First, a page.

Sabre Spirit.  I know there’s another vessel (yellow trim) beyond Sabre Spirit.

Again, through the fences . . . Megolly Hawk of Black Hawk Shipping.

And that fifth foto down (unidentified schooner) got clearly identified at Pier 4 . . . as Harvey Gamage, a floating high school.

Over toward La Aduana, the pink Customs House (which I did NOT study closely enough) is the Coast Guard pier, and (from right to left) the 85′ Reef Shark and 110′ Key Largo and another 110′ cutter behind here.

You saw Amelia here the other day . . .  here’s the Hood River, OR-built vessel  face on.

And some better fotos of Greenport, NY’s Bounty, showing what some crew do

in port.    Compare the 1960 replica with the original in stats here.

Finally, as promised at the start of this post . . . here’s my best San Juan “tug” foto.  When I return to PR, Harold, I know exactly where I need to go to see the McAllister tugs there.

I have more pics I’ll put on Flickr . . . soon, and I’ve added a few links to the posts I did on the road, if you’re interested in going through them again.

All fotos by Will Van Dorp, who returns to his paying job manana.

ok . . . am going to withdraw the “tugster” filter on content and show some Vieques scenes, like the beach along the Esperanza “malecon” aka “boardwalk” at

sunset, looking toward Monte Pirata, westward.

oceanside view of Cayo Afuerte, off the Esperanza Playa

somewhere along the southern coast where hundreds of eggs from leatherbacks, hawksbill, and green turtles await the full moon while vulnerable to predators of both the mongoose and featherless biped variety.

inland night spot.  note the hanging pans and pots in the window behind the greenery.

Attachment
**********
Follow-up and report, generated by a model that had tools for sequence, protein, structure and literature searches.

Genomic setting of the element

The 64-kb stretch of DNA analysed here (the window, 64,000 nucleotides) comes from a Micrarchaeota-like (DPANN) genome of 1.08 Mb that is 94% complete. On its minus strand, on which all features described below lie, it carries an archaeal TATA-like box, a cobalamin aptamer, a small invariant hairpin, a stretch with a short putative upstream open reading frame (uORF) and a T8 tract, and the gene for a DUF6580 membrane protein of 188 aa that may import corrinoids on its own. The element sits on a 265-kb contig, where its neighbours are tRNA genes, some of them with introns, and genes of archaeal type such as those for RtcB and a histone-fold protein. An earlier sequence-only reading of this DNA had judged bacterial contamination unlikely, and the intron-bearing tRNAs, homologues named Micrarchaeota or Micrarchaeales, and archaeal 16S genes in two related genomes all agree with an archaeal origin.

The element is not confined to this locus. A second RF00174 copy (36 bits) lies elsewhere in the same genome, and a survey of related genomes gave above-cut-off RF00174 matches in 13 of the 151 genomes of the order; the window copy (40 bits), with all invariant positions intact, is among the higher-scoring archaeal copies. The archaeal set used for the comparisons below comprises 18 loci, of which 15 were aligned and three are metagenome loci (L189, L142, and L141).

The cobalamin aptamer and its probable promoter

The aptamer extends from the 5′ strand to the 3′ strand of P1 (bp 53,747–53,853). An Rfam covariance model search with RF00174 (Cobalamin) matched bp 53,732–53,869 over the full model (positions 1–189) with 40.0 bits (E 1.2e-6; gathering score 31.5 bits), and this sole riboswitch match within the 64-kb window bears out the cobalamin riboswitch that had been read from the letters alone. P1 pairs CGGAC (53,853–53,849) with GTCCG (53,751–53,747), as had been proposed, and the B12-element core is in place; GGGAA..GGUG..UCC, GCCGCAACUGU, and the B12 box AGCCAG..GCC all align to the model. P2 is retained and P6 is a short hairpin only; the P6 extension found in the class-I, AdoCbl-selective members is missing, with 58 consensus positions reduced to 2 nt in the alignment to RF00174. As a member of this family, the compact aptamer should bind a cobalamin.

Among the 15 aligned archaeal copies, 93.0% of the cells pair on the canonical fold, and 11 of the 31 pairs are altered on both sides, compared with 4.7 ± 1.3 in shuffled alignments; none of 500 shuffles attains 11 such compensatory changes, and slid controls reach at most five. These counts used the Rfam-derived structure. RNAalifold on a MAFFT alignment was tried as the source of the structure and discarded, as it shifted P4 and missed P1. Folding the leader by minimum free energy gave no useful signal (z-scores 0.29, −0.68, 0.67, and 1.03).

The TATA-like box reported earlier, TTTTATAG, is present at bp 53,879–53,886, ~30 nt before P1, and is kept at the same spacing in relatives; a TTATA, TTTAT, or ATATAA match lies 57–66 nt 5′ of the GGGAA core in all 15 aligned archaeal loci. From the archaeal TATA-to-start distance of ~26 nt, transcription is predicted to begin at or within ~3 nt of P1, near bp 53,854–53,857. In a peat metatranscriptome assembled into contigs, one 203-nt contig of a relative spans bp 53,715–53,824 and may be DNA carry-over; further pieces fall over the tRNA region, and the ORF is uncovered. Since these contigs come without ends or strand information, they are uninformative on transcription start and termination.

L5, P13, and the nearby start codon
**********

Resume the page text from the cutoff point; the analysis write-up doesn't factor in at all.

munitions bunkers on the west side of the island . . . dozens of clusters like this along labyrinthine roads

serve as storage and hurricane shelters today.  this one was open . . . tugster shows scale.  Note the clutch of fruit bats (black spot) hanging above my left tide to the ceiling.

huge buttress roots on this ancient ceiba tree, said to have greeted

Columbus when he arrived.  Note the scale.

view of BioBay from Monte Santo.  Note Cayos de Tierra and Afuera marking Playa Esperanza.  Swimming at night in BoBay is like swimming in salty green fire.

stilt coming in to land in freshwater pond near the hydroponic project.  i loved the hummingbirds but got no fotos.

inland from Sun Bay.  clearly some water change happened here.  lots of wading herons and egrets in the salt pan.

nature reclaims all, including this 1950s Buick (?) along the road  where

free-range but branded horses roam at will

Most fotos by Will Van Dorp.  The ones where tugster plays “scale talent” taken by Jim Hackett.  Hope that’s spelled right, Jim.

Call this . . . .  waters around Vieques.   Here’s a map.

Punta Mula Light, overlooking Isabel Segunda harbor and the ferry docks.  The harbor is named for Spain’s only female monarch, to date.

fish pier next to the ferry dock

in the waterway between Isabel Segunda and the “mainland” of PR, the cargo ferry Islena .  Of course, I tried to cross on it but was denied.  Vieques’ second town of Esperanza, as seen from one of the peaks (not Monte Pirata)  at the western end of the island, here looking east.  The ilsands from near to far are Cayo de Afuera and Cayo de Tierra.

an unidentified two-masted schooner heads east from Esperanza Wednesday morning seen off Cayo de Tierra

long pier built by the Navy at Rompeolas, on the northwest side of the island looking towards Ceiba

fishing boat anchored off  Rompeola pier looks like it has some Maine influences

more fishing boats off Playa Esperanzaunidentified victim of a hurricane past lies on the west side of Cayo Afuera

Thursday afternoon brought a schooner-rigged catamaran into Esperanza harbor.  Vessel named Heron is

Boothbay, Maine.

Excuse any errors.  Have to post before I lose signal again.  All fotos by Will Van Dorp.

Tugster in the tropics . . .?    Some quick posts.

Bahia de San Juan, looking towards the Crowley yard from old San Juan.  No Crowley equipment, but that’s New Ranger.

Looking east, it’s Bounty and Carnival Victory.

and looking west, it’s ferry Amelia heading across the Bahia.  Love the exhausts.  Amelia came off the ways in Oregon.

Kites aka chiringas get played on the wind over Castillo de San Felipe del Morro.

cargo ferries at the pier in Fajardo

ferry Cayo Largo with

close up of its cargo. Cayo Largo helped out in Haiti in January 2010, with its capacity of 300 tons of cargo and 300 passengers.  Here’s a frontal view, Cayo Largo.

wreck of Karen Elizabeth, looking from Fajardo to Vieques.

Sorry if I made any errors.  Fotos by Will Van Dorp